BALTIMORE (WJZ) — Aaron Maybin never expected his 45-second video would go viral.
The former NFL linebacker was teaching art at Matthew Henson Elementary School in West Baltimore — the same school Freddie Gray once attended — and saw his young students shivering in their coats with the temperature hovering near 40 degrees in the classroom. He recorded their reactions.
That video catapulted the problem of broken heating systems in Baltimore City Public Schools into the national spotlight at the start of the new year.
“It made me furious, and I’m upset with anyone who isn’t just as furious seeing that video,” Maybin told WJZ investigative reporter Mike Hellgren.
“Everybody from the teachers to the parents themselves have been raising their voice on these issues for a long time now,” he said. “Why does it take a former NFL player saying the exact same thing to actually warrant our policymakers doing their jobs?”
Maybin, who has strong ties to West Baltimore, said it’s unconscionable that the children did not have working heat.
“That was the rest of our day. It was my students shivering in their seats. It was us having to get them up and moving just to keep their blood flowing. It was us finding creative ways to lessen their suffering,” he explains. “Heat is one of the basic necessities of a decent education, and we’re not providing it. Yet we’re expecting these kids to turn out normal. We can’t do that. That’s criminal on our part.”
Later that week — as heating problems grew in the bitter cold — every Baltimore public school was forced to shut down. Last week, City Schools CEO Dr. Sonja Santelises got bombarded with comments and questions by angry parents at a school board meeting. She said she understands their frustration.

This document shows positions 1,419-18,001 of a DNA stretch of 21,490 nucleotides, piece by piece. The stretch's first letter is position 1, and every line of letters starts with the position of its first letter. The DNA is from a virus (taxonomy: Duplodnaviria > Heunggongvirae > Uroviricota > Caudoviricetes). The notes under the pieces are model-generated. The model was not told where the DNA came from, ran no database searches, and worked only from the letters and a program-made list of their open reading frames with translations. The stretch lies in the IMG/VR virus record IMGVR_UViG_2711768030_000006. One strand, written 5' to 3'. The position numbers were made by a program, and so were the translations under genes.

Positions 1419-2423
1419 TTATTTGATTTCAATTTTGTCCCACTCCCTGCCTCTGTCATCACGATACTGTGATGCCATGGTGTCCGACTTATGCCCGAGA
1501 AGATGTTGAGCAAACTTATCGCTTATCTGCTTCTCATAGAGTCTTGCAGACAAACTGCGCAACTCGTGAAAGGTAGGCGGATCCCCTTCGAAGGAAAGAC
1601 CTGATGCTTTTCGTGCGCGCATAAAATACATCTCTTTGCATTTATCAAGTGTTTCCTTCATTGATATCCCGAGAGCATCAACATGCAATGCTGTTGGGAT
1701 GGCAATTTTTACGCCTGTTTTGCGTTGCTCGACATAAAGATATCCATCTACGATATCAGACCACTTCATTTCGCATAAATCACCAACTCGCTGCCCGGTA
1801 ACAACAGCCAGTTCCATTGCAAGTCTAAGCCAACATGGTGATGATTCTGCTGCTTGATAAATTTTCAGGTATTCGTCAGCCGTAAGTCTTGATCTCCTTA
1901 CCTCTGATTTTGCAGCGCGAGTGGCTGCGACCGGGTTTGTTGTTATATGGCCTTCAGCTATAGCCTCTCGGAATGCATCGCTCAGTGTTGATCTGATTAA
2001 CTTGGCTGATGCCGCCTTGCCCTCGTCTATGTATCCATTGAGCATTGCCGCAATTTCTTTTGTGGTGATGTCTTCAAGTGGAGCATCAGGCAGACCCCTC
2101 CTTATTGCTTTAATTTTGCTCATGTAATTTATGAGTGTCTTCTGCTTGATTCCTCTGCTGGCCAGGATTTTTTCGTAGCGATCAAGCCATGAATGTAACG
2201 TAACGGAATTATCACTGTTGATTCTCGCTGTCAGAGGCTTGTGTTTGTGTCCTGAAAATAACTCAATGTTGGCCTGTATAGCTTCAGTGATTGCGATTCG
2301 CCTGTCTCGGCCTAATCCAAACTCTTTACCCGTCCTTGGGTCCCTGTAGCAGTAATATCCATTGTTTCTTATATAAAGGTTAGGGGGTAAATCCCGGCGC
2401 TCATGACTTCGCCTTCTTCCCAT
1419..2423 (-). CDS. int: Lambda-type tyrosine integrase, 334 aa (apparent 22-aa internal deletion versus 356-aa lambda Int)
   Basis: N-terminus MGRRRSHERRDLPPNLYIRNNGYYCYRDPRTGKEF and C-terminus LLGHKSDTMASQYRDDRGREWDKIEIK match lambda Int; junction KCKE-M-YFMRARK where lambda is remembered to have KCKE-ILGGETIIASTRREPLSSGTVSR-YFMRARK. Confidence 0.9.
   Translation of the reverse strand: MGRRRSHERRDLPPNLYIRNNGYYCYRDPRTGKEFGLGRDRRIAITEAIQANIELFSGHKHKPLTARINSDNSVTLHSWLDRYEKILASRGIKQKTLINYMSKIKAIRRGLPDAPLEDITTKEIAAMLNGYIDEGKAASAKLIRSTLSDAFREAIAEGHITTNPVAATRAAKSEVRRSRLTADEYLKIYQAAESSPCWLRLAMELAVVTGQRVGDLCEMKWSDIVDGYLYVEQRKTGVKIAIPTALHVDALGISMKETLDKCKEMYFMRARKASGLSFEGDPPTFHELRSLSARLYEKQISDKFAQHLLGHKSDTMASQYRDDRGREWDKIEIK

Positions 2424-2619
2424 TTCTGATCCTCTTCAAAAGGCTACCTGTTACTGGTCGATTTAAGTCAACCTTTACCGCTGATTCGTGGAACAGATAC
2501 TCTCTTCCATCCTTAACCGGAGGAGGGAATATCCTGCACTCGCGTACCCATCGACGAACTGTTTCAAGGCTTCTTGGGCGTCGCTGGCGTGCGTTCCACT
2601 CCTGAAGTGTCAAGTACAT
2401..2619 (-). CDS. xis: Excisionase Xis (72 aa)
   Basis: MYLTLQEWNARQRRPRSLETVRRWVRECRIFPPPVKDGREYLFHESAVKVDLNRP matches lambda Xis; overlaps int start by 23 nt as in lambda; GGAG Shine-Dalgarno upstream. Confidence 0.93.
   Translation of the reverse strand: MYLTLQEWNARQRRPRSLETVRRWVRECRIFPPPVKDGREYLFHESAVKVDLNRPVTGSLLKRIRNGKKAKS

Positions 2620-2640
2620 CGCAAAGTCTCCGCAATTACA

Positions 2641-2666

“Absolutely, accountability needs to come with that. I’ve owned it. I’ve owned it with principals,” Santelises said.
Santelises promises children will never be left shivering in the cold again.
“One, we now have a protocol, and we are clearly communicating that to school leaders about what acceptable temperatures will be,” she told Hellgren. “We are working right now to make sure we have equipment in place that will give accurate temperature readings for classrooms in schools that will enable us to close schools when conditions are, frankly, beyond what young people should be in. What I cannot promise again is that we will not have boilers breaking.”
She added: “These systems were beyond repair. They were outdated, and we were exposed to this kind of mass failure.”
Santelises maintains her school system is underfunded.
Maryland Governor Larry Hogan has alleged repeatedly that money was mismanaged and misspent, and he says Baltimore receives the fourth highest per-pupil funding of any school system in the nation.
Santelises flatly denies mismanagement claims.
“We have the records around our spending. We are undergoing more state audits at any time — I would argue — more than any other jurisdiction in this state,” she said.
Hellgren asked her about $66 million the school system gave back because projects did not meet deadlines and budgets.
“To set the record straight, that $66 million dollars is not money that we gave back,” Santelises said. “It is money that had we been funded on time for instead of having to wait two or three years for a project to be funded, would be new dollars that we would have received.”